Kiss, Columbus, OH, Germain Amphitheater, July 10, 2004
How much more can be said about the greatest rock and roll institution in the all-be-it brief history of American rock and roll? Kiss has changed the face of music more than anyone could probably know or even realize. Kiss made it the norm that a great, theatrical show should accompany a large arena tour. What others did that followed was to combine great music with the theatrics, and Kiss will never proclaim to be the most talented musicians on the planet. But Kiss made music fun. Paul Stanley is no Jimi Hendrix, Gene Simmons is no Billy Sheehan and Peter Criss is no Lars Ulrich, but Kiss has been a mainstay party band from day one, and never proclaimed to be anything different. Over 30 years after their inception, Kiss is still touring major arena and amphitheaters, and bringing everything one should expect from a Kiss show with them.

Last year, Kiss shared the stage with Aerosmith and was not able to show the fans what a true Kiss show is like. So, for 2004, Kiss went on a headlining tour and brought every trick Kiss has ever had, and even 30 years later, it proves to be one of the top shows to see.

Kiss went way back in their stockpile of songs to not just play the well-known classics, but played a set any Kiss fan would be proud to hear. Gene was lifted high above the stage to a platform all his own, and Paul was whisked from the stage to the soundboard to share the show with those not fortunate to get near the front.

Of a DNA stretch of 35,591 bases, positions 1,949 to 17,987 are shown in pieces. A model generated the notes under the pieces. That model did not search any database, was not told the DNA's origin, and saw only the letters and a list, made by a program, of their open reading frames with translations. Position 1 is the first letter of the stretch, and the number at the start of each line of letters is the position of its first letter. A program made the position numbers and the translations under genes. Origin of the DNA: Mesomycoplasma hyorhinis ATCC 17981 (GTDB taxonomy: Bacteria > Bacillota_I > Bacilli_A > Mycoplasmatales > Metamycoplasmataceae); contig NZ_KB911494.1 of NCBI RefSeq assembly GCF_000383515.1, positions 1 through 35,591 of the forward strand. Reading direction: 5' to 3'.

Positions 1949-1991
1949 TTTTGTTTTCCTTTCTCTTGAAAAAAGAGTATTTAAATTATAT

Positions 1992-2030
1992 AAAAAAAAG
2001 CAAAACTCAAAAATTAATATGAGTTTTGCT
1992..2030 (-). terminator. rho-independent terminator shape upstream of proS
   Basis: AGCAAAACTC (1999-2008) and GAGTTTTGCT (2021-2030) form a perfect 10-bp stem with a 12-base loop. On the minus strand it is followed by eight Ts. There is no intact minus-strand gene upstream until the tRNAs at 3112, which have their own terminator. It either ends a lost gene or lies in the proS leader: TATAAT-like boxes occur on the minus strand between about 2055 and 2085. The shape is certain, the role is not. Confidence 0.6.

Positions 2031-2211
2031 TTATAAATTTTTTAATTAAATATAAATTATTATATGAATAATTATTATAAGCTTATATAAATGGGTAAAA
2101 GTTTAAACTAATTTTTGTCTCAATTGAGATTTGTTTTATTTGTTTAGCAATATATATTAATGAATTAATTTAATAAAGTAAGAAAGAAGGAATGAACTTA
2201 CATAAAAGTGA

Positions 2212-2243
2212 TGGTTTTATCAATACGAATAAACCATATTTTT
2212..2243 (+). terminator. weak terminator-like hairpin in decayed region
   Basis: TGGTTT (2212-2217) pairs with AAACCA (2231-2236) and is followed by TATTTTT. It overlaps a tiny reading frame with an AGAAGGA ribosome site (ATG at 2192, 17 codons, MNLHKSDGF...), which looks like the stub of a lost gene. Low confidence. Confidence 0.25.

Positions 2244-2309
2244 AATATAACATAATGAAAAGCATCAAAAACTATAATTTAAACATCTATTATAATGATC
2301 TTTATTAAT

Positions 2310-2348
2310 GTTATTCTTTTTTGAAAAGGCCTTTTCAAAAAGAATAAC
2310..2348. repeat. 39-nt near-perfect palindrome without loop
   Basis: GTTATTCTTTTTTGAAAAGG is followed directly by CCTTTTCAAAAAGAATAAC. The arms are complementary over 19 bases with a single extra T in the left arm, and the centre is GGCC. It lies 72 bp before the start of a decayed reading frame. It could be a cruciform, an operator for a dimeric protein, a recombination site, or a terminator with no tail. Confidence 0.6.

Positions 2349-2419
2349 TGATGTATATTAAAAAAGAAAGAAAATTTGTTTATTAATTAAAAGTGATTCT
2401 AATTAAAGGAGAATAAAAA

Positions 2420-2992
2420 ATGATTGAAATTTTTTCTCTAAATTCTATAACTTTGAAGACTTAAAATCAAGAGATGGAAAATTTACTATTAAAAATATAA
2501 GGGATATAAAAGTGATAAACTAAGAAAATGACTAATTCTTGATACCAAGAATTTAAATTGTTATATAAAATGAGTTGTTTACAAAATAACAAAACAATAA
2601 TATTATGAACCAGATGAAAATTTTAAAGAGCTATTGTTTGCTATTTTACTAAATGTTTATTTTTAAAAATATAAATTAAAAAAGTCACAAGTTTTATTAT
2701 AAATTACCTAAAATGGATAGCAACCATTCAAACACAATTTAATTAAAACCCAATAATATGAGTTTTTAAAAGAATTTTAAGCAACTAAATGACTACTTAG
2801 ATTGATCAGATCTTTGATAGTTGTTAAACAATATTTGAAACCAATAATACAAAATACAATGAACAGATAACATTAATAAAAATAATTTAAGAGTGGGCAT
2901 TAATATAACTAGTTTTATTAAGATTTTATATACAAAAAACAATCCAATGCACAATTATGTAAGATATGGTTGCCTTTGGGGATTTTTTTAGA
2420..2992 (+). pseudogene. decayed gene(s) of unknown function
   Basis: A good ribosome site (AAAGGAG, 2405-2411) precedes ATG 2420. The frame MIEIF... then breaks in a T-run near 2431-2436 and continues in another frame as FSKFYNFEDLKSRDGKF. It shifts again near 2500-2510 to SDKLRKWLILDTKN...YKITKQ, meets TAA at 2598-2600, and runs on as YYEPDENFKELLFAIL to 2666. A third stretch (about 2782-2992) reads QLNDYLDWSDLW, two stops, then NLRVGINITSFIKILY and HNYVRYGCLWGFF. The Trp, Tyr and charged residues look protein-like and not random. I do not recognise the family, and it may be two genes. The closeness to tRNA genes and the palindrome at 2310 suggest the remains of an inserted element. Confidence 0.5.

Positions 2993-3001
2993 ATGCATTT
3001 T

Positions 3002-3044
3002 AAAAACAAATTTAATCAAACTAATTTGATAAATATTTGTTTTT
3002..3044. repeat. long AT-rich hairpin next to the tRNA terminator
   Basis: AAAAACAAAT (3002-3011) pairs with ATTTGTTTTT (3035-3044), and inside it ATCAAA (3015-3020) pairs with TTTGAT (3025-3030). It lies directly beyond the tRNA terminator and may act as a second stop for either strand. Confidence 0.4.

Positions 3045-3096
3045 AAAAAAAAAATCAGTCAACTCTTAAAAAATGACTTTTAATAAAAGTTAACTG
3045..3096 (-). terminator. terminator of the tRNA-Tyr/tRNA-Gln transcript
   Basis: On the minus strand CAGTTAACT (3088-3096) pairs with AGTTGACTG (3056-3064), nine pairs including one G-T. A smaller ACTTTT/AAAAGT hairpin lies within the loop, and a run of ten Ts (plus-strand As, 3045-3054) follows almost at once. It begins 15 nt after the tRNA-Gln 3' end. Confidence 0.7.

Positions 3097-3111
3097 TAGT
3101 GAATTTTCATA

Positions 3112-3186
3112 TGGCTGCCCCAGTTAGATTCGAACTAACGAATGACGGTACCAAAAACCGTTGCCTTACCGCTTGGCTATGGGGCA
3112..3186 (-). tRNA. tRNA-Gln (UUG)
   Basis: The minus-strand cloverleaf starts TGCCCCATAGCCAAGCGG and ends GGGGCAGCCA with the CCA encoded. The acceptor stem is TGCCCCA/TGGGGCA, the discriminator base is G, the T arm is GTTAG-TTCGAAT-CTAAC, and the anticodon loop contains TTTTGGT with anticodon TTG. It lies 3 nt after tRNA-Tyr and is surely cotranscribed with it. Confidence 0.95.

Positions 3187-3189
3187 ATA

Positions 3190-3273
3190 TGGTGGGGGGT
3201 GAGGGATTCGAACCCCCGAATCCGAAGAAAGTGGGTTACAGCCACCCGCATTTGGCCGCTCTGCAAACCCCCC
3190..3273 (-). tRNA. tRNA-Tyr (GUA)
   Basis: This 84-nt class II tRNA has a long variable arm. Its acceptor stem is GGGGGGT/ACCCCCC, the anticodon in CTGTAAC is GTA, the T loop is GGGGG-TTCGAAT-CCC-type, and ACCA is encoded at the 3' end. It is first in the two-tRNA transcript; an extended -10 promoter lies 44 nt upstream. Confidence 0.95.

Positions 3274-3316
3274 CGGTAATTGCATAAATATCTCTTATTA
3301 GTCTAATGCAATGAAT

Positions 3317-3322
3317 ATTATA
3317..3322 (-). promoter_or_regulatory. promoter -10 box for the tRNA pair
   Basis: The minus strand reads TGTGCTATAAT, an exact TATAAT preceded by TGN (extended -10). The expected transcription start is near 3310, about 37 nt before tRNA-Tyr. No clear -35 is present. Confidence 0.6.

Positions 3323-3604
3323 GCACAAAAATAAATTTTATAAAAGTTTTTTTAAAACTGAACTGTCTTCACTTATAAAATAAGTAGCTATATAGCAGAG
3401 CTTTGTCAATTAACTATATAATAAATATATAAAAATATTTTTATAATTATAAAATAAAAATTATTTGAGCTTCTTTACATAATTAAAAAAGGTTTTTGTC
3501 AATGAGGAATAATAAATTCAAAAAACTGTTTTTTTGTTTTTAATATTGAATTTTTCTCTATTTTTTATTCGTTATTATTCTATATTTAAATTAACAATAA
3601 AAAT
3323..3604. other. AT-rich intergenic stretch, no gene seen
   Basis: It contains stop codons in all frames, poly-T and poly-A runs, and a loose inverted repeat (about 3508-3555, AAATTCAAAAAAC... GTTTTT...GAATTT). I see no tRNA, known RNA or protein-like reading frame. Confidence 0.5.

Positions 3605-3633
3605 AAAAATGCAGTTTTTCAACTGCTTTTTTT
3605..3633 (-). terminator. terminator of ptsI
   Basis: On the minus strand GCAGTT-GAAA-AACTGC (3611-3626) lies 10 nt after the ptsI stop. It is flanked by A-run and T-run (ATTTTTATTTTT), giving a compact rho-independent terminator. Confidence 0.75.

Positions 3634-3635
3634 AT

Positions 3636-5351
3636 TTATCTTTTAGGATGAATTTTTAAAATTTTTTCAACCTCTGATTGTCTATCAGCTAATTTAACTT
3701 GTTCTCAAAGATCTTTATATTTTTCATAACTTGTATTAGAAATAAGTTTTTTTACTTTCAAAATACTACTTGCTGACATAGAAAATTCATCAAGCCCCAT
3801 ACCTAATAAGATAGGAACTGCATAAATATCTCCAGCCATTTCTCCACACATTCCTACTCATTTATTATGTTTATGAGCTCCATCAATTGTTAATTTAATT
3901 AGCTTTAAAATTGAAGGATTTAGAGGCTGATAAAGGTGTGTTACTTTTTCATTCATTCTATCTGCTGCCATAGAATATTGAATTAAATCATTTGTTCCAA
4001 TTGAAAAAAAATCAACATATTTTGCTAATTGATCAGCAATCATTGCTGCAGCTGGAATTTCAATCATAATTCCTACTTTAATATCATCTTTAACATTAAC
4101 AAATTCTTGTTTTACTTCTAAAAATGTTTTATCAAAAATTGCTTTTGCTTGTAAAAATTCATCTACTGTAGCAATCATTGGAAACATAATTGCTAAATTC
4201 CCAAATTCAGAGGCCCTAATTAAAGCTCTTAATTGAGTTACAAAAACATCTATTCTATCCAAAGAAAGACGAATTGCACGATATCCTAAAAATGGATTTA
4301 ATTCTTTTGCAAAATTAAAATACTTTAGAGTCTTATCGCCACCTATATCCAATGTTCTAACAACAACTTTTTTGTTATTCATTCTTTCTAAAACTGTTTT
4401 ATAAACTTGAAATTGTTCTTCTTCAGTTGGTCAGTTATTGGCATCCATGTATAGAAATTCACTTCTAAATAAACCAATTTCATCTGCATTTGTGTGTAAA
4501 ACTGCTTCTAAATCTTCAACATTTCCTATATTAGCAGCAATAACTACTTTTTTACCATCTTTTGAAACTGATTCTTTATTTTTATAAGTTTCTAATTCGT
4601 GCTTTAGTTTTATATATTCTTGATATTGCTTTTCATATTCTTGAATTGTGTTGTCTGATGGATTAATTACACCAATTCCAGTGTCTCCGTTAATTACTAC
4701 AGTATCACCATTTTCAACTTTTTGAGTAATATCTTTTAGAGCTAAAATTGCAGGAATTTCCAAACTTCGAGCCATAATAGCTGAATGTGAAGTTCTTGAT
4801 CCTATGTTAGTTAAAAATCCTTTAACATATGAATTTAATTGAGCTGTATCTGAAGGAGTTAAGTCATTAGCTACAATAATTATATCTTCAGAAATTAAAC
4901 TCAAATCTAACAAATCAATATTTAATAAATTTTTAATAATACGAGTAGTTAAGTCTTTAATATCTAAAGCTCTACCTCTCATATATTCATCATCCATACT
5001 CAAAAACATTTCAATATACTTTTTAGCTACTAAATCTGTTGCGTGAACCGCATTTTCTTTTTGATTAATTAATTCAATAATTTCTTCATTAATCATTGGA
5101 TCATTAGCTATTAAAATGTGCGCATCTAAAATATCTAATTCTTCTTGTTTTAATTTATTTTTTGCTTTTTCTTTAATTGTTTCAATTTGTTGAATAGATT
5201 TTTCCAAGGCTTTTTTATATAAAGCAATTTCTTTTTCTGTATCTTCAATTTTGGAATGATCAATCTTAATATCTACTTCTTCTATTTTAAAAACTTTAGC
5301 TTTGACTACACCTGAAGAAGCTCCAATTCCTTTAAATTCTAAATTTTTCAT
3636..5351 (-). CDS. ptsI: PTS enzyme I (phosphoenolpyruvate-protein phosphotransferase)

In a concert season that has provided a ton of shows, but maybe not as much quality, Kiss crept in under the radar screen to give old-time rock and roll fans a glimpse of what sex, drugs and rock and roll really means. Today, it is almost taboo to be a rock star and live the life of fame and fortune, but bands like Kiss show why we all want to grow up being a rock star. Not a musician, but a rock star and there is a big difference. The members of Kiss are rock stars first and musicians second and make no apologies for it. Unlike some, they do not hide behind a false persona. That is what makes this institution of Kiss so spectacular. They want to be bigger than life and wear it like a medal of honor.

Any young band today should be forced to see a Kiss show so they can see what performing live could mean to a fan. That for most fans, making sure every note is hit perfectly is not the most important part of the night. Most fans want to be entertained, not necessarily hearing the song played perfectly. And that is what Kiss has done for over three decades. And maybe that is what makes each concert season seem a little less enjoyable, is there are no new Kisses out there today ready to be bigger than life and allow for the fans to escape their daily lives and live in a dream world. Even if only for one night.